Daimler Truck North America, Navistar and Volvo Group North America have formed an industry group to advocate for an accelerated buildout of nationwide infrastructure for medium- and heavy-duty electric trucks.
The OEMs, which collectively account for about 70% of all U.S. medium- and heavy-duty truck sales, say the group will push to overcome “many barriers delaying access to [zero-emission vehicle] infrastructure.” The Powering America’s Commercial Transportation (PACT) coalition, as it’s called, seeks to “enhanc[e] national climate policies to address the infrastructure needs” of zero-emission trucks.
“Each original equipment manufacturer has battery-electric vehicles in the marketplace, but access to charging infrastructure is an increasingly significant bottleneck to the widespread adoption of these technologies,” the group said in its Jan. 30 announcement.
Aside from the OEMs, the group’s founders are stakeholders in several industries: EV charger retailers ABB E-mobility, Greenlane and Voltera; construction engineering firm Burns & McDonnell; Canadian electric utility BC Hydro; and industrial real estate firm Prologis.
The coalition said it would be “the unified voice” for medium- and heavy-duty zero-emissions vehicle infrastructure — and would not advocate for specific vehicle, power generation or utility distribution technologies.
It noted that transportation electrification thus far has largely focused on the needs of light-duty passenger vehicles.
The group cited a projection by the International Council on Clean Transportation that nearly 700,000 chargers will be needed nationwide to accommodate the 1 million Class 4-8 medium- and heavy-duty zero-emission trucks expected to be deployed by 2030.
That would consume 140,000 megawatts of electricity every day, equivalent to the monthly energy needs of over 100 million American homes, according to the group.
The stakeholders’ concerns about infrastructure costs are well-founded, according to the American Transportation Research Institute. Installing charging equipment at truck parking stops across the U.S. could cost upwards of $35 billion, based on a per-unit cost of $112,000, the American Trucking Associations nonprofit said in a study last year.
In a key first step to addressing the issue, the Biden administration has kicked off an analysis of the cost and operational barriers to charging medium- and heavy-duty electric trucks, an official from the Joint Office of Energy and Transportation said at ATA’s 2023 Management Conference and Exhibition.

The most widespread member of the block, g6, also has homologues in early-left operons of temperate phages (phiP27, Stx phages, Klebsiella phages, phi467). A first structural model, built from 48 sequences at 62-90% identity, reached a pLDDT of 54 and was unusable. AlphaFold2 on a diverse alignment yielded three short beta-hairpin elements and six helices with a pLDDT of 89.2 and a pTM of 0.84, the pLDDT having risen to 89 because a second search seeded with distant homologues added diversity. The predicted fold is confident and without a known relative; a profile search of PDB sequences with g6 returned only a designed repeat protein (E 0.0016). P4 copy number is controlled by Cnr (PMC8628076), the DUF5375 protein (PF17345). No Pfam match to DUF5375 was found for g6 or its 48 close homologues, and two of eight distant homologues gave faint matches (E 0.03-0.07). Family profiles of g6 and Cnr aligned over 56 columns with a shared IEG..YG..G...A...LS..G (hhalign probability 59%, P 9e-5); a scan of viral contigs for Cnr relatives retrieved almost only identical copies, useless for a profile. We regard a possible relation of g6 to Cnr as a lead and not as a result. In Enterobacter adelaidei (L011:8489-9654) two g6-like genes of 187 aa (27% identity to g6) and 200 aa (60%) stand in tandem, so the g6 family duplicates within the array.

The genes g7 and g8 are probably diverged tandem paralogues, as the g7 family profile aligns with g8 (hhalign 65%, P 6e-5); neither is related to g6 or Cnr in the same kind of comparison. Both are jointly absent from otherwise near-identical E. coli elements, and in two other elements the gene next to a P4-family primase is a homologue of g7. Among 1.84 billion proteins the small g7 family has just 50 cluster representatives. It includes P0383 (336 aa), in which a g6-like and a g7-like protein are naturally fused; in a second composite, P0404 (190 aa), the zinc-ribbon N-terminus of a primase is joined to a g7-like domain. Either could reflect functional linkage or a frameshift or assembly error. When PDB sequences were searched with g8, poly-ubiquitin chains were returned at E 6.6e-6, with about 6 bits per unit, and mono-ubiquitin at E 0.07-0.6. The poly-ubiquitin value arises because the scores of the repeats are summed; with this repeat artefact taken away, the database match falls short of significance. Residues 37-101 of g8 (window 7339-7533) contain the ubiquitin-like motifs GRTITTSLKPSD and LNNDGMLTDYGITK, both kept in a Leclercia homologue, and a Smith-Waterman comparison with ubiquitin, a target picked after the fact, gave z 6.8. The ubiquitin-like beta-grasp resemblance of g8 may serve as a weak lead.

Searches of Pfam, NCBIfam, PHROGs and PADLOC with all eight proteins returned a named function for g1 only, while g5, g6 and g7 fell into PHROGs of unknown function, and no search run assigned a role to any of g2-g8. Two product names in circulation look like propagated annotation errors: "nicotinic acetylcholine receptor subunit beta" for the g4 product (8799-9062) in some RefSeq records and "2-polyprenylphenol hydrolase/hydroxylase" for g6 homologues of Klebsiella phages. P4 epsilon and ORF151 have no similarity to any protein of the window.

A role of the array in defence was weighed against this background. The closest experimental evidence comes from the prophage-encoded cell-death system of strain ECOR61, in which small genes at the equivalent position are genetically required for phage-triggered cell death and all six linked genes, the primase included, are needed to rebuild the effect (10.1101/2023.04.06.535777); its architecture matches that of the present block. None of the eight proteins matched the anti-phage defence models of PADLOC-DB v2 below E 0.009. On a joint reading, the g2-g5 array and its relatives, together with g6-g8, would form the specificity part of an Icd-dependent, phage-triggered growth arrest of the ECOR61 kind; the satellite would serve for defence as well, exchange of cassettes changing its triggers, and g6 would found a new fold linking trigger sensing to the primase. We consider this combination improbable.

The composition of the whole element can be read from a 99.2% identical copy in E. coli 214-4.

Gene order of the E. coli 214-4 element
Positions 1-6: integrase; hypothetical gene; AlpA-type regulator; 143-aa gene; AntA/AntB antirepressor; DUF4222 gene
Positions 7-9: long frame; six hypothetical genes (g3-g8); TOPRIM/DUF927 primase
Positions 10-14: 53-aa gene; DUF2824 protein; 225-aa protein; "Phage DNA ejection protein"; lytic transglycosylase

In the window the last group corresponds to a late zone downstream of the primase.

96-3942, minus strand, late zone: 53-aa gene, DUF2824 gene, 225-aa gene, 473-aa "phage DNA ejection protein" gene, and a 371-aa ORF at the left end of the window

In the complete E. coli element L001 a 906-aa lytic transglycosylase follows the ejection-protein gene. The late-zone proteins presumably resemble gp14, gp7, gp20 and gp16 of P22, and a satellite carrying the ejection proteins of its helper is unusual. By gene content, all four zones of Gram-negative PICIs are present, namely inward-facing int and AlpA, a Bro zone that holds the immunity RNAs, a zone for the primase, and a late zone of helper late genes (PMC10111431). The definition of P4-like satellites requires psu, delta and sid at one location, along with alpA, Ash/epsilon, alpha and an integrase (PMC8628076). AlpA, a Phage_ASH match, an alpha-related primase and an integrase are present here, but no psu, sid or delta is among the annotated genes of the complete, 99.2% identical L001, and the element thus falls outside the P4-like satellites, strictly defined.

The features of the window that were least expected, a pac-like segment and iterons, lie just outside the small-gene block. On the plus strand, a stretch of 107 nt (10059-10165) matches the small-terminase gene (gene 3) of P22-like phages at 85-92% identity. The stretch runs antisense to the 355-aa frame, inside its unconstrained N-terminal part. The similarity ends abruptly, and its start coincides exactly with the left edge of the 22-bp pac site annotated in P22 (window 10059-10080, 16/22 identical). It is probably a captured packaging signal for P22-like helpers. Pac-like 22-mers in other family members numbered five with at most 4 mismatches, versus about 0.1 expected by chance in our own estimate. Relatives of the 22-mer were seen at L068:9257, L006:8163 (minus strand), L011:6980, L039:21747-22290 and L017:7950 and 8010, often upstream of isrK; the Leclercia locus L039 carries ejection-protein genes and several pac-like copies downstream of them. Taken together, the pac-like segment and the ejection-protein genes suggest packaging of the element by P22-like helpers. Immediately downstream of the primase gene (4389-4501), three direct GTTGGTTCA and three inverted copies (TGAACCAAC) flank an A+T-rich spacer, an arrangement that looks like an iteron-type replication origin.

But the transition to zero-emission vehicles is stalling without deployment of the necessary charging infrastructure, Daimler President and CEO John O’Leary warned in the announcement.
"Decarbonizing the commercial transportation sector – the fleets that keep America moving – is critical to meeting our nation’s climate goals,” O’Leary said. “Through PACT, we aim to accelerate this infrastructure buildout so that fleets can adopt ZEVs at scale and we can all benefit from impactful emissions reductions as quickly as possible."
Navistar President and CEO Mathias Carlbaum said in the announcement that truck buyers need fast, reliable, affordable and convenient power to effectively deploy zero-emission fleets at scale.
“To enable their success, we must work collaboratively across sectors to deliver an infrastructure that provides access to seamless electricity and meets the commercial transportation industry’s unique needs,” Carlbaum said. “PACT provides a concerted forum dedicated to making this vision a reality.”
Stephen Roy, Volvo Group North America chairman and president of Mack Trucks, called the scale of infrastructure required for medium- and heavy-duty EV adoption “unprecedented.”
“Understanding and coordination across the different stakeholders is imperative to deploy chargers quickly and cost-effectively,” Roy said. “PACT will promote best practices to streamline this complex transition while minimizing impacts on fleets, utilities, and the economy.”